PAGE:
Distal arthrogryposis type 1 is a disorder characterized by joint deformities (contractures) that restrict movement in the hands and feet. The term "arthrogryposis" comes from the Greek words for joint (arthro-) and crooked or hooked (gryposis). The characteristic features of this condition include permanently bent fingers and toes (camptodactyly), overlapping fingers, and a hand deformity in which all of the fingers are angled outward toward the fifth finger (ulnar deviation). Clubfoot, which is an inward- and upward-turning foot, is also commonly seen with distal arthrogryposis type 1. The specific hand and foot abnormalities vary among affected individuals. However, this condition typically does not cause any signs and symptoms affecting other parts of the body.
Distal arthrogryposis type 1 affects an estimated 1 in 10,000 people worldwide.
Distal arthrogryposis type 1 can be caused by mutations in at least two genes: TPM2 and MYBPC1. These genes are active (expressed) in muscle cells, where they interact with other muscle proteins to help regulate the tensing of muscle fibers (muscle contraction). It is unclear how mutations in the TPM2 and MYBPC1 genes lead to the joint abnormalities characteristic of distal arthrogryposis type 1. However, researchers speculate that contractures may be related to problems with muscle contraction that limit the movement of joints before birth.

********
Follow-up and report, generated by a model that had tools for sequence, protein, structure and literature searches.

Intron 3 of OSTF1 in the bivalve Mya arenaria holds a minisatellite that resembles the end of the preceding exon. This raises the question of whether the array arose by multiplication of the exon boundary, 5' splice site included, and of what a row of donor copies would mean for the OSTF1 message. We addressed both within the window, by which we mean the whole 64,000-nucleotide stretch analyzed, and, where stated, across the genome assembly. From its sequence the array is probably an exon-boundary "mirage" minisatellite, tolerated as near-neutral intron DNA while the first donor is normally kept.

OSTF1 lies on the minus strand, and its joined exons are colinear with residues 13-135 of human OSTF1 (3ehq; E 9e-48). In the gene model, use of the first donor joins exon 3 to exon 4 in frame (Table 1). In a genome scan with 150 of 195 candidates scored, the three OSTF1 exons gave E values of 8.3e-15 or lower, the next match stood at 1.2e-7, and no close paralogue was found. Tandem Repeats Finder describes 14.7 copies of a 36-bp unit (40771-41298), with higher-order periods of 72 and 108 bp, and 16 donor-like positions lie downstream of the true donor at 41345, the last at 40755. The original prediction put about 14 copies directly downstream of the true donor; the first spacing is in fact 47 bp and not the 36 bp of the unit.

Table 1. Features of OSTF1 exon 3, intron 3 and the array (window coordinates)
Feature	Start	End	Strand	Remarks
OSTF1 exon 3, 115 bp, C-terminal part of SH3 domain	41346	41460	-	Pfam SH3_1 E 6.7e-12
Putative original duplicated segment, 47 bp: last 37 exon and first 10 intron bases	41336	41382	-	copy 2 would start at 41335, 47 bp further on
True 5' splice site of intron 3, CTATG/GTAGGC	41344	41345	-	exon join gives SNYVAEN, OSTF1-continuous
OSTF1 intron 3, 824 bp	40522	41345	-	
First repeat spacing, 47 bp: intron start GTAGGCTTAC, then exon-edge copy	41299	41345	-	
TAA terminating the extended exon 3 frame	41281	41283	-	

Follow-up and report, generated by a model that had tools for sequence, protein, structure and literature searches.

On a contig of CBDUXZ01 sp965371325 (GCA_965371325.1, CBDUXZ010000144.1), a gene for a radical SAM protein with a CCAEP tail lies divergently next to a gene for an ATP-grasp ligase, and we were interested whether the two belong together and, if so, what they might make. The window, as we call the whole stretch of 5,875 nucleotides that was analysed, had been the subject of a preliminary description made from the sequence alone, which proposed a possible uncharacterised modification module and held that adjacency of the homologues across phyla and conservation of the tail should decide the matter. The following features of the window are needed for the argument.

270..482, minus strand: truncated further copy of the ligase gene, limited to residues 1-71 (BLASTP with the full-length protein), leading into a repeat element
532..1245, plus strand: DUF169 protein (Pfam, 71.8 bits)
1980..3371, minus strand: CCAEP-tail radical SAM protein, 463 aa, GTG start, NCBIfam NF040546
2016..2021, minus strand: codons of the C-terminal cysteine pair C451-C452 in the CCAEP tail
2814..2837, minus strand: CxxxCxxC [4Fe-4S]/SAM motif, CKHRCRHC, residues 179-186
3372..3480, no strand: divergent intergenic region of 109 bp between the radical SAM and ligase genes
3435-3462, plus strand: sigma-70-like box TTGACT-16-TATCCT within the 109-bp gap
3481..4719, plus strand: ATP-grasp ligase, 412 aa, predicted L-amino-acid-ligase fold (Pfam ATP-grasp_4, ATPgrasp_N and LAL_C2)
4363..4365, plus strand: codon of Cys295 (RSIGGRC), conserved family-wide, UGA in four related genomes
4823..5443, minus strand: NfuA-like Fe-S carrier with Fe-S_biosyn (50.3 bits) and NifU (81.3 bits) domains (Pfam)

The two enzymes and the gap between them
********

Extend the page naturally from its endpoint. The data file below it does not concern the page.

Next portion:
In some cases, the genetic cause of distal arthrogryposis type 1 is unknown. Researchers are looking for additional genetic changes that may be responsible for this condition.
This condition is inherited in an autosomal dominant pattern, which means one copy of an altered gene in each cell is sufficient to cause the disorder. In many cases, a person with distal arthrogryposis type 1 has a parent and other close family members with the condition.
- arthrogryposis, distal, type 1